bee importation

Doug Yanega dyanega at DENR1.IGIS.UIUC.EDU
Tue Nov 15 12:41:24 CST 1994


Apologies are due. I got a phone call from Mike Firko at USDA/APHIS today,
properly chastising me for misinformation in a recent posting - I had
commented that a European bumblebee-rearing outfit was playing fast and
loose with official USDA restrictions, and the USDA folks were apparently
not doing much about it. This was a hasty misprepresentation of the truth
that I could've avoided if I'd gone back myself and checked my source of
information. The problem is not so much that the USDA has not been doing
its best to enforce proper regulations, nor that the importers were engaged
in illegal activity - more a matter of the importer and their allies in the
US threatening to sue the USDA if they refuse to grant import permits and,
in essence, push the regulations aside by protesting unfair economic
hardship or whatever, using one form of legality to override another.
Apparently, the permits that *had* earlier been issued to allow importation
of bumblebees had been with the USDA blessing, all done above-board. Again,
my apologies for any implications about USDA negligence. The issue of
whether the USDA is unable to stop people with enough money to sue is a
separate one, and still a legitimate cause for concern, if a legal
precedent is set.
        However, the old promises uttered by Phil Lima (that scientific
shipments of dead bees from museums in other countries would not be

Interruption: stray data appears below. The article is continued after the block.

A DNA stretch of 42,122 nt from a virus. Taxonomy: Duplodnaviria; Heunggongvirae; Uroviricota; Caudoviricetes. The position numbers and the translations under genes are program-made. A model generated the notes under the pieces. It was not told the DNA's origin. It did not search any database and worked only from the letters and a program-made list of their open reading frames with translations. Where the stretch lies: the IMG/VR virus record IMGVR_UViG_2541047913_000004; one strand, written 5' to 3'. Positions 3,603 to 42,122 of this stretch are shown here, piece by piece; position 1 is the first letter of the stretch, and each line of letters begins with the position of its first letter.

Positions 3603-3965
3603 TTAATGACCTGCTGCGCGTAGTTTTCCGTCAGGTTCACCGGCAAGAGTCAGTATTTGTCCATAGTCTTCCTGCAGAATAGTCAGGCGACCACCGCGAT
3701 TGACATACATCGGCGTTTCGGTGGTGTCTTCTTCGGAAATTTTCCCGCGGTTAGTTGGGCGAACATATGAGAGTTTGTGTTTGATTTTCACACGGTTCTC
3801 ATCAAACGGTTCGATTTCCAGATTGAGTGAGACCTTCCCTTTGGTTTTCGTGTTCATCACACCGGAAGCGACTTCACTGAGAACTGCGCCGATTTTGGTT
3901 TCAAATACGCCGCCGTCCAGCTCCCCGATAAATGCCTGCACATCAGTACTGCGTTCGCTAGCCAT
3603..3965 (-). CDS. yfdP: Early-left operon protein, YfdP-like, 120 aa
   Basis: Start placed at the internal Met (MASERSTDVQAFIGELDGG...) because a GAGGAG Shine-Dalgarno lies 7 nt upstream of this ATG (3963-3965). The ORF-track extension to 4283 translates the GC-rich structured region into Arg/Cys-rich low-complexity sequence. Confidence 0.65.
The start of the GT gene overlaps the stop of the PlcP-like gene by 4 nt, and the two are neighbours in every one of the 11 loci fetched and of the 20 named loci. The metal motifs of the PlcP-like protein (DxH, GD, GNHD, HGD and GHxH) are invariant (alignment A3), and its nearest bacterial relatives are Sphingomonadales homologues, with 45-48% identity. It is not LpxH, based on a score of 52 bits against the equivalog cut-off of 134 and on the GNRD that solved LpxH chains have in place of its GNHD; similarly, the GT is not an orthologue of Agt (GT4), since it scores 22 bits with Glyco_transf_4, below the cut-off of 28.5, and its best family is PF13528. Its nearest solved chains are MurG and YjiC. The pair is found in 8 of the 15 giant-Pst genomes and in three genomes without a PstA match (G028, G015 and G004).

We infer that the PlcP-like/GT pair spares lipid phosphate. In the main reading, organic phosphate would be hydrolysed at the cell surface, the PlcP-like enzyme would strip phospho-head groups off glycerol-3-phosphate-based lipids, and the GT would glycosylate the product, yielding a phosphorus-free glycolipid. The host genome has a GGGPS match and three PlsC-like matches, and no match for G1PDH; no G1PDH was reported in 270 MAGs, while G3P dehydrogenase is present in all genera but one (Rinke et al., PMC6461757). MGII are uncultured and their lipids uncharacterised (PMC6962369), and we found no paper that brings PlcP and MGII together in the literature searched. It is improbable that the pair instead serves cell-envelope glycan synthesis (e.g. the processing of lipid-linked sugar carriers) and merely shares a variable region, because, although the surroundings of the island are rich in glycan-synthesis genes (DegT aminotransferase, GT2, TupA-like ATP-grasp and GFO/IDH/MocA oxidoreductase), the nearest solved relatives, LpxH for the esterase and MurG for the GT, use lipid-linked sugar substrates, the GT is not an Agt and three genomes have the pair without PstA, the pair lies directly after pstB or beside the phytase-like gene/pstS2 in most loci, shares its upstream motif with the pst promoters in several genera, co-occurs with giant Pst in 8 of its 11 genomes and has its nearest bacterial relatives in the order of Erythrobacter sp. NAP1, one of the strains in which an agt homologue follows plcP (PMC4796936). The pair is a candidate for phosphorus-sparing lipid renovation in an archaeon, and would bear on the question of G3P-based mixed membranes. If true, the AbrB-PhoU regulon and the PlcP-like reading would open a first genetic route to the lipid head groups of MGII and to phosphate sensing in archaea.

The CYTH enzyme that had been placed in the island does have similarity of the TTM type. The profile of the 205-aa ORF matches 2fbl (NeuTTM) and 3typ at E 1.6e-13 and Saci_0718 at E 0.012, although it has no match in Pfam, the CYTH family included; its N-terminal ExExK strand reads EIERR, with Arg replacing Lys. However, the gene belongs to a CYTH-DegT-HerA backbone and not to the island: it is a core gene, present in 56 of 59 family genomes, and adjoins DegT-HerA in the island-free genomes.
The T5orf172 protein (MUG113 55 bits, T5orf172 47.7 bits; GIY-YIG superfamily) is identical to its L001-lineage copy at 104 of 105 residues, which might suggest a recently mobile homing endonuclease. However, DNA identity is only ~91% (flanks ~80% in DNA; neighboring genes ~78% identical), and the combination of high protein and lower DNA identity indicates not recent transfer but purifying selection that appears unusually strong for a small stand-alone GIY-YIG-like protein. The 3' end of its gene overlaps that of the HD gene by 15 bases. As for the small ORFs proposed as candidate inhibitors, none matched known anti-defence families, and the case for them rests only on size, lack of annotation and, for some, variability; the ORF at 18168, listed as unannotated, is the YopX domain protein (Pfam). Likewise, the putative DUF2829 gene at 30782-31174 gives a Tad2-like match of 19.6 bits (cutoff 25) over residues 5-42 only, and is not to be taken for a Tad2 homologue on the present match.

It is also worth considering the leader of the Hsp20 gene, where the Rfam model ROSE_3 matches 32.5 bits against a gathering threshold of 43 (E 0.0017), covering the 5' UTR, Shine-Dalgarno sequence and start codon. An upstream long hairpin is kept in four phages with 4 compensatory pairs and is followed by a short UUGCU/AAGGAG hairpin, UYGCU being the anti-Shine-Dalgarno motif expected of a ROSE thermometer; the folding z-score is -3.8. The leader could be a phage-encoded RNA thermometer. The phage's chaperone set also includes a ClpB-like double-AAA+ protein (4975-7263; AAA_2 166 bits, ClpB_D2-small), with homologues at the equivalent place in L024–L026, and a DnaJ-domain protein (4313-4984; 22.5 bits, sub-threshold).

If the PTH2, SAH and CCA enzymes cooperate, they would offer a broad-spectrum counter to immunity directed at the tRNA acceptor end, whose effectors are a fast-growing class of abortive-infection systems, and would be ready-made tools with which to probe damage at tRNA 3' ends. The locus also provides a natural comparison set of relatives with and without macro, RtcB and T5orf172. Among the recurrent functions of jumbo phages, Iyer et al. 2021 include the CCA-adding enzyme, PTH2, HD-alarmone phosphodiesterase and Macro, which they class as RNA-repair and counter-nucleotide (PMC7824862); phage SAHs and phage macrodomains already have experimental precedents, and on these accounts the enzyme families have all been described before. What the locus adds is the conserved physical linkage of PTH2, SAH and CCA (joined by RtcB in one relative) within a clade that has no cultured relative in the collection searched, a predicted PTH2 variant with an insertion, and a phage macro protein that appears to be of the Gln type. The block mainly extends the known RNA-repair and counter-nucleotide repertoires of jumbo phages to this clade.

bothered if they weren't accompanied by import permits), apparently left
when Phil did, and official policy is indeed that any international loans
of bee specimens *must* be approved by the USDA beforehand. In other words,
my implication that the USDA was playing some of the same
"quasi-enforcement" games as FWS (where "internal policy" and the actual
regs didn't necessarily agree) was also - unfortunately, in this case -
incorrect, as of Phil's departure.
        I still maintain it serves no useful purpose for the USDA to insist
on regulating the international exchange of pinned material for research
purposes. Live bees, fine, I'll agree that's a sound policy...but when I
need to borrow a type specimen from Europe, I don't see how anyone benefits
from a two-month delay (a figure given me by someone who *has* filed the
permits in question) and the extra paperwork involved - if the USDA has
10,000 permit applications a year from folks working with live bees
already, I can't imagine how adding several hundred more permits for museum
material could possibly be anything but a drain on their resources, with no
benefit whatsoever. Bees are the only insect group requiring USDA approval
for shipment of *dead* material, and as far as I know, there is no
scientific basis for this policy (for example, it's perfectly all right to
import bees from Canadian museums, but nowhere else). I'm not even aware
that the USDA has any policies against *any* other museum specimens,
furred, feathered, or whatever - so here we have one of the most
ecologically and economically important groups of beneficial insects, and
official policies in place which ultimately serve to obstruct the free
exchange of scientific material needed to study them. Whatever the intent,
and however cooperative the USDA folks may be about handling these permits
(even if they "fly through" at 100% acceptance rate), the end result of the
"dead bees of any genus" clause is still immensely impractical for all
involved.

Doug Yanega      Illinois Natural History Survey, 607 E. Peabody Dr.
Champaign, IL 61820 USA     phone (217) 244-6817, fax (217) 333-4949
  "There are some enterprises in which a careful disorderliness
        is the true method" - Herman Melville, Moby Dick, Chap. 82




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